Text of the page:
Buying the freehold of a house
This content applies to England only.
Housing laws vary between England and Scotland. Get advice relating to Scotland
If you own a leasehold house you normally have the right to buy the freehold after you have owned the lease for at least two years. You will have to pay for all of the legal fees involved.
If your lease covers only part of a converted house (such as a flat or maisonette) the rules are different - see the page on buying a share of the freehold for more information.
What are the benefits of buying the freehold?
Being a freeholder is more secure than being a leaseholder. Buying the freehold may make it easier to sell your home and will probably increase its value. This is because:
- freeholders have more control over the management of their homes
- most freeholders don't have to pay ground rent
- freeholders can normally only be evicted if they don't pay the mortgage or other secured loans.
Do I have the right to buy the freehold?
You can probably buy the freehold if:
- your lease covers the whole house - not just an individual flat or maisonette
- the lease was granted to the original leaseholder for at least 21 years
- you have owned the lease to your home for at least two years (you don't have to have lived in the property during that time).
However, you may be excluded from buying the freehold if:
- the freeholder is a charitable housing trust
- the public has the right of access to your property
- the freehold includes adjoining property (such as farm land)
- you have a business lease (although there are some exceptions)
- you bought your home through a shared ownership scheme and have not yet bought the remaining shares in your home.
How does the process work?
Buying the freehold (enfranchisement) can be a very complicated process. The basic steps are explained below. This is only an introduction to the procedure you will have to follow. You will probably need a solicitor to do the legal work. More information is available from the Leasehold Advisory Service. You may also be able to get help from a Shelter advice centre or Citizens Advice in your area. Use the Advice Services Directory to find one.
Step 1: making an offer
The first step is to inform the freeholder that you want buy the freehold (the 'initial notice'). The notice is a legal document and has to contain:
- your name and address
- details of the property
- the price you propose to pay (you can get a valuation to work this out)
- a deadline for the freeholder's response (you must allow at least two months).
Once the initial notice has been given, you become responsible for the freeholder's legal costs. You have to pay them even if the sale falls though.
Step 2: the freeholder's response
The freeholder has to send you a reply ('counter notice') within two months, saying whether you have the right to buy the freehold. S/he can only refuse if:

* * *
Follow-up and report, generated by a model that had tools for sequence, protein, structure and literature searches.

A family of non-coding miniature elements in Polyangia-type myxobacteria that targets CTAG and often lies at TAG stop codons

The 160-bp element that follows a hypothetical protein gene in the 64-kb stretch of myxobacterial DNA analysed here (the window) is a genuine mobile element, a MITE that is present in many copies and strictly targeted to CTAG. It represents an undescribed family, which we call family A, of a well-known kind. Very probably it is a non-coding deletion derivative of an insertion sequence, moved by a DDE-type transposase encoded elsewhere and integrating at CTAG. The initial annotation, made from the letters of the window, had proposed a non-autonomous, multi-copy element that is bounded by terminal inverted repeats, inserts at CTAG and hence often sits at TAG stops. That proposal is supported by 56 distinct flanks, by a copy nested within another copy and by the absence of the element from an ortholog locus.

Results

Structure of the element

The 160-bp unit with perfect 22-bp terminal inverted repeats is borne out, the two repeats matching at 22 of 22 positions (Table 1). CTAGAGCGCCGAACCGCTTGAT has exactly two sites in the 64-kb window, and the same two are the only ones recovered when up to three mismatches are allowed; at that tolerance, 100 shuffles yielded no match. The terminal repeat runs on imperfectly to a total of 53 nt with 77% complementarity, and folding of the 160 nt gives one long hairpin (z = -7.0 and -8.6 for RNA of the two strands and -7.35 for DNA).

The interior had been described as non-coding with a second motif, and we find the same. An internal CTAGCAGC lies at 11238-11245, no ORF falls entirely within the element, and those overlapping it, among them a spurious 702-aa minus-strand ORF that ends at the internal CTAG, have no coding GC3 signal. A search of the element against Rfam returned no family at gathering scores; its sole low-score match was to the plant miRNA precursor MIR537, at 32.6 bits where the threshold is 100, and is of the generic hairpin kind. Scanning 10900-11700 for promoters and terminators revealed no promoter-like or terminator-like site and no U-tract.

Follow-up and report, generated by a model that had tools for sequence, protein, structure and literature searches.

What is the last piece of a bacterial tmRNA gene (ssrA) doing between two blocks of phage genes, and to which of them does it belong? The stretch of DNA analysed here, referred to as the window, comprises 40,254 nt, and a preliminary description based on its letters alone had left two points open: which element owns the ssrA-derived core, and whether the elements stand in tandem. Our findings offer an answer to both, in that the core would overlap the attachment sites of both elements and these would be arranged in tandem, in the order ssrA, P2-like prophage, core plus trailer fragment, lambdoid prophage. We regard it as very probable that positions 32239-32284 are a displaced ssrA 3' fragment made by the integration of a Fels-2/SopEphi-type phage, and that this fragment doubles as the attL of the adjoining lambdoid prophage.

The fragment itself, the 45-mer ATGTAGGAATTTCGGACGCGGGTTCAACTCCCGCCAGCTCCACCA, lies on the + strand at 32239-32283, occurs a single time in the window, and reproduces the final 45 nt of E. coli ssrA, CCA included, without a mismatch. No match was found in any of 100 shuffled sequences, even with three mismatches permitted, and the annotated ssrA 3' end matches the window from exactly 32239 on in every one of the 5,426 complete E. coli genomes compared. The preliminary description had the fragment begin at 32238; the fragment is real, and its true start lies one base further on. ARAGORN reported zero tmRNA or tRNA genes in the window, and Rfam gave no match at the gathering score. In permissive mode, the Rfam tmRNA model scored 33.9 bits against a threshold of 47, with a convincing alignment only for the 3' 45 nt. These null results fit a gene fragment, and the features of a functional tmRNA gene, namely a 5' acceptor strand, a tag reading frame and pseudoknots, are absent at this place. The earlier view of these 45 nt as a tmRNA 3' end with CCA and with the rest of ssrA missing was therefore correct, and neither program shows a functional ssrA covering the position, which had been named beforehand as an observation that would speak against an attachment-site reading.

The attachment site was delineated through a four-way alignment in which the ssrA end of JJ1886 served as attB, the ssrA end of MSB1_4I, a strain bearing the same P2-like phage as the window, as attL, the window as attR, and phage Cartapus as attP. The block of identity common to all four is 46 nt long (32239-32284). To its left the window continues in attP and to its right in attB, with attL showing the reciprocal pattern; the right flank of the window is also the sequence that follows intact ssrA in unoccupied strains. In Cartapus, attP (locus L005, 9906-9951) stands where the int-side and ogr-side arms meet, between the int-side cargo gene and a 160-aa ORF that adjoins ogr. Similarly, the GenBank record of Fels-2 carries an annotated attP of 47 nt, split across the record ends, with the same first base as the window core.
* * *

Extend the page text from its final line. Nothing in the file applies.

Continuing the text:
- s/he needs the property for her/himself or a member of her/his family
- s/he is going to demolish or redevelop the property.
In either case, the freeholder has to get a court order to get you to leave and will have to pay you compensation. If you are in this situation, get advice.
If the freeholder refuses for any other reason you can apply for a court order to force her/him to sell you the freehold. You have to do this within two months from the date you receive the counter notice.
Step 3: negotiation
If the freeholder's counter notice says s/he agrees that you can buy the freehold, there is usually a period of negotiation before the sale goes ahead. Most freeholders suggest changes to the conditions of the sale, which may include a higher price.
Once the conditions of the sale have been agreed, you have to sign a formal legal contract within two months.
How much will it cost?
There is no easy way to work out how much you might have to pay for the freehold. You will need to get a valuation to work out approximately how much the freeholder will expect.
It is almost impossible to work out a fixed price, so most valuers will give you a high and low price. The final price should be somewhere in between but you may still have to negotiate. You'll also have to pay all the solicitors' and surveyors' fees and legal costs (for both yourself and the freeholder), which can be expensive.
Buying the freehold is only an option if you can afford it. It is usually more expensive than extending your lease and can be more complicated. Depending on your circumstances, extending your lease may be a better option, so you should get advice before making a decision.
What if I think the price is too high?
If you think the price being asked is too high, get advice. A leasehold valuation tribunal may be able to decide whether the price is fair. If you still can't afford to buy the freehold you have to tell the freeholder. You will then have to wait twelve months before you can apply again.